Young people’s mental health: Exploring the gap between expectation and experience

Betina Jacobsen, Iben Nørup*

*Corresponding author

Research output: Contribution to journalJournal articlepeer-review


The proportion of young people suffering from poor mental health is on the increase, including in Scandinavian countries. This increase seems paradoxical, as Scandinavian countries are among those with the lowest degree of material deprivation, economic inequality, and social exclusion.

The aim of the study was firstly to investigate, on an individual level, young people’s own sense-making of poor mental health: their experiences of vulnerability and their explanations of the factors leading to vulnerability and mental health problems. Secondly, the purpose was to further analyse the young people’s experiences by combining them with ideal-typical conceptualisations of social pathologies and an overview of recent structural developments in the educational and social system.

The study was based on explorative, in-depth, focus group interviews conducted in two large Danish cities with 17 young people aged 18–28 years. The interviewees had previously struggled with mental health problems and, on these grounds, had volunteered as ‘youth experts’ to help other young people. As part of the explorative approach, the interviewees themselves thematically clustered the different factors that they considered had led to vulnerability and substantiated the connection within each cluster. Data analysis followed these initial-coded clusters.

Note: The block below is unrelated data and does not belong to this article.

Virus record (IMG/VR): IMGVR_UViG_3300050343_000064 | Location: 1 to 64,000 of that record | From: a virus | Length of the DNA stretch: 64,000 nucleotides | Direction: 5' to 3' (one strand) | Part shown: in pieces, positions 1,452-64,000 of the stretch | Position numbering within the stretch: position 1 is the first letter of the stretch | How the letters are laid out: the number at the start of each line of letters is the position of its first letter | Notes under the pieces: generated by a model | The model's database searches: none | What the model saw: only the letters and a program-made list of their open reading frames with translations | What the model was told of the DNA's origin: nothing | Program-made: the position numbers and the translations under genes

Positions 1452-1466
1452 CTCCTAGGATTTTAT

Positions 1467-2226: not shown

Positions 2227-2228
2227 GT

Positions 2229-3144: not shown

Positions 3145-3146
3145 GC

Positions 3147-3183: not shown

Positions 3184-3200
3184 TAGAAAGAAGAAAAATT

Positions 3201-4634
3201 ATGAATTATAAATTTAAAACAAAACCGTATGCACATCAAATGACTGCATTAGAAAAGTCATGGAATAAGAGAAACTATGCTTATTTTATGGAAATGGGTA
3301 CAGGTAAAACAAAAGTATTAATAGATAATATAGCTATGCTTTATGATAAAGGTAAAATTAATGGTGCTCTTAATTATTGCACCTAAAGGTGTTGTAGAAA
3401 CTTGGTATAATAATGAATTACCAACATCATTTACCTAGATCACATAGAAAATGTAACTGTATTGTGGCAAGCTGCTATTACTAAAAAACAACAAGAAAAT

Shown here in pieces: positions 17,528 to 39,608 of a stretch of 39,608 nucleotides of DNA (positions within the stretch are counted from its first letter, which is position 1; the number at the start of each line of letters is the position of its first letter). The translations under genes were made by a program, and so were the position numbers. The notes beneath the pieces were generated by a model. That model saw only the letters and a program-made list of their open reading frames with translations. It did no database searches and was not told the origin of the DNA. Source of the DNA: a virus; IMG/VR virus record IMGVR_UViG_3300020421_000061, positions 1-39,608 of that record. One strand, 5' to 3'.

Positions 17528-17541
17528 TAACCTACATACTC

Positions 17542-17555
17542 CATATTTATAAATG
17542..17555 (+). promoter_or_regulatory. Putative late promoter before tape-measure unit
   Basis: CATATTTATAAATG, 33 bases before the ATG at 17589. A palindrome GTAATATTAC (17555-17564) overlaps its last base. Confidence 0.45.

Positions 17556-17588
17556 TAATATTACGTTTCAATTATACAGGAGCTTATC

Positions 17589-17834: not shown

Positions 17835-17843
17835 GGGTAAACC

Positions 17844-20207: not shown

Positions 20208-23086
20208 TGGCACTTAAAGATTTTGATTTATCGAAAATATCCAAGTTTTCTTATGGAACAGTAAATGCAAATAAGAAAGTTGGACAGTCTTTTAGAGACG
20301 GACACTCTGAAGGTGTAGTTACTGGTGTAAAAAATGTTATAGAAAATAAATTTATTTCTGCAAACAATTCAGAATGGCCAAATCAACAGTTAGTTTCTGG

The analysis of the three broad themes that emerged – Expectations and performance pressure, Self-perception and self-doubt, and Taboo feelings – identified a substantial gap between expectation and lived experience. The expectations were of an abundance of life and educational options, and a dominating discourse that young people in Scandinavia can become whatever they wish. These expectations were in stark contrast with the lived experiences of feeling pressure to perform and an awareness of the limitation of the opportunities for those who fail to perform, within a landscape of recent structural changes. It was the gap between the discourse of the abundance of options on the one hand and highly regulated actual opportunities on the other that seemed to be the common denominator in the young people’s stories about the distress they felt. The societal discourse of almost endless options appeared to cause the young people in this study to individualise the responsibility for success as well as failure.

The study suggests that the gap between individualised expectations and a lived reality that does not measure up to these expectations could be a central contributing factor in explaining young people’s experiences of poor mental health.
Original languageEnglish
JournalEducational Research
Issue number3
Pages (from-to)249-265
Number of pages17
Publication statusPublished - Aug 2020


  • Young people
  • education
  • educational performance
  • educational reforms
  • mental health
  • wellbeing


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